Algorithms and Geometry Collaboration: Former Collaboration Scientists

Current Collaboration Scientists   |   Former Collaboration Scientists
Anand Louis

Anand Louis, Ph.D.

Anand Louis is a postdoctoral researcher in the Department of Computer Science at Princeton University. He obtained his Ph.D. in Algorithms, Combinatorics, and Optimization from the Georgia Institute of Technology in 2014; Professor Santosh Vempala was his doctoral advisor.

His research interests lie in the applications of geometry and analysis in theoretical computer science, both in designing algorithms and in proving computational lower bounds. His earlier work focused on understanding the complexity of isoperimetric problems in graphs and hypergraphs.

Igo Shinkar

Igor Shinkar, Ph.D.

Igor Shinkar is a postdoctoral researcher at the Courant Institute of Mathematical Sciences at New York University. He obtained his Ph.D. from the Weizmann Institute of Science, under the supervision of Irit Dinur.

His interests span theoretical computer science, combinatorics, probability, and the interplay between them. In particular, he is interested in local-to-global phenomena in discrete objects. These phenomena occur naturally in different contexts in theoretical computer science, such as property testing, probabilistically checkable proofs, hardness of approximation, coding theory and sublinear time algorithms.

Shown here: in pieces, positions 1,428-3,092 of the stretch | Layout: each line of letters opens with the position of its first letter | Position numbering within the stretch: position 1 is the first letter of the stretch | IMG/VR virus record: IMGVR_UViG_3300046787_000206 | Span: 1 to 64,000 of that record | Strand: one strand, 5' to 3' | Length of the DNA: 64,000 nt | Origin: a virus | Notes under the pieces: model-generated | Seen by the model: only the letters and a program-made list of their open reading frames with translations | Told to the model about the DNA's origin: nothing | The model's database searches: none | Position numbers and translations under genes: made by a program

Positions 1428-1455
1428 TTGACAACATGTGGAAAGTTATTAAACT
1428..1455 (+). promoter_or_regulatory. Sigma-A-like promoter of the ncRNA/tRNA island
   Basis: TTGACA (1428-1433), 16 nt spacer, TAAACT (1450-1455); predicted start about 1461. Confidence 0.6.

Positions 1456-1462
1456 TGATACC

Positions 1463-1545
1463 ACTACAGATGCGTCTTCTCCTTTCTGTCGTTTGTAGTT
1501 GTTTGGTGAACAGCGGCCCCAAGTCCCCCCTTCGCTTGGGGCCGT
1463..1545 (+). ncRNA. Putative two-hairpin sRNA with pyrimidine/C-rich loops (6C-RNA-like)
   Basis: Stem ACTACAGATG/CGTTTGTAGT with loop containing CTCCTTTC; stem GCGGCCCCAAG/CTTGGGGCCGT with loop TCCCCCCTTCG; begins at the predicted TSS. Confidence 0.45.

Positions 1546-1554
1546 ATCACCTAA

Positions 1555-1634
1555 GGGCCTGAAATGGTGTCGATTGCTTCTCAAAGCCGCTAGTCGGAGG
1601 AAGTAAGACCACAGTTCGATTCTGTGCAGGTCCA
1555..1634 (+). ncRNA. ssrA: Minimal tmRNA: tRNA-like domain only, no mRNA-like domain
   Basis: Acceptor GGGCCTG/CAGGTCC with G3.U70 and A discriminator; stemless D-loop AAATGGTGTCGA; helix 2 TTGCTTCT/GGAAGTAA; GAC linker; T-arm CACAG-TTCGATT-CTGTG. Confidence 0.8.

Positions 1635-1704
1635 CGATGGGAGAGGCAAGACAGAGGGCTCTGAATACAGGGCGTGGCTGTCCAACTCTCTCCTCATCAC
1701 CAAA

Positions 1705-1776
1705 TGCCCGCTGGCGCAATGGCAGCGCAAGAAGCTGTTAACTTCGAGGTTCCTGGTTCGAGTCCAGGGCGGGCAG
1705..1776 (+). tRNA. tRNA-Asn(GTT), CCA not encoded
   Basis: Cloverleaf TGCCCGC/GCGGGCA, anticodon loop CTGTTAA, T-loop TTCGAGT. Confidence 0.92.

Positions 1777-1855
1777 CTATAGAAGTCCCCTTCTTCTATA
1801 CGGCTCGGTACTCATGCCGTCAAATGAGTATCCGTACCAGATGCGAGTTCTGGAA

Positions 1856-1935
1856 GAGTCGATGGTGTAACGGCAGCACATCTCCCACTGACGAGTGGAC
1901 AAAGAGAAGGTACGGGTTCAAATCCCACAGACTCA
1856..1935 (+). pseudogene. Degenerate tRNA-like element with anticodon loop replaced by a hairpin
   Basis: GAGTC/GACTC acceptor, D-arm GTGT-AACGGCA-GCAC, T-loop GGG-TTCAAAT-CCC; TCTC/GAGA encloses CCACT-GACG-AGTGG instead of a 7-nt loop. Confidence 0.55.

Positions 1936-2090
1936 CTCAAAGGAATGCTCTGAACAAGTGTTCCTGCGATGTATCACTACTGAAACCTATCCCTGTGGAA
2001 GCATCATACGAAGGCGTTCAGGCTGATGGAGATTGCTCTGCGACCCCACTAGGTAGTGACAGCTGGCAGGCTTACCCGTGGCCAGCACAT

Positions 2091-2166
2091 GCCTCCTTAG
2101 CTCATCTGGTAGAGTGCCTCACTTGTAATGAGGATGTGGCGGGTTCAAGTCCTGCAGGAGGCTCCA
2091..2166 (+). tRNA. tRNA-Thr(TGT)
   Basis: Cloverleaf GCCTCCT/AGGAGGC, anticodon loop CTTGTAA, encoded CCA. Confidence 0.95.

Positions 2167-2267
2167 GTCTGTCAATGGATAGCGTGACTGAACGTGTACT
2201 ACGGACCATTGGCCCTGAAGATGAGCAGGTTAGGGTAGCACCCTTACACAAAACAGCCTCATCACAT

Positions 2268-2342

Aravindan Vijayaraghavan

Aravindan Vijayaraghavan, Ph.D.

Aravindan Vijayaraghavan is currently a postdoctoral researcher at the Courant Institute of Mathematical Sciences, NYU, and is an adjunct professor at Northwestern University. He obtained his Ph.D. from Princeton University in 2012, on ‘Beyond Worst Case Analysis in Approximation Algorithms.’ He was also a Simons Postdoctoral Research Fellow for two years with the Algorithms & Complexity Theory group at Carnegie Mellon University.

His research interests include the areas of approximation algorithms, optimization and machine learning. In his research, he often uses paradigms that go beyond traditional worst-case analysis — like average-case analysis, smoothed analysis and instance stability — to obtain better algorithmic guarantees for problems like graph partitioning, finding dense subgraphs and unsupervised learning of various probabilistic models.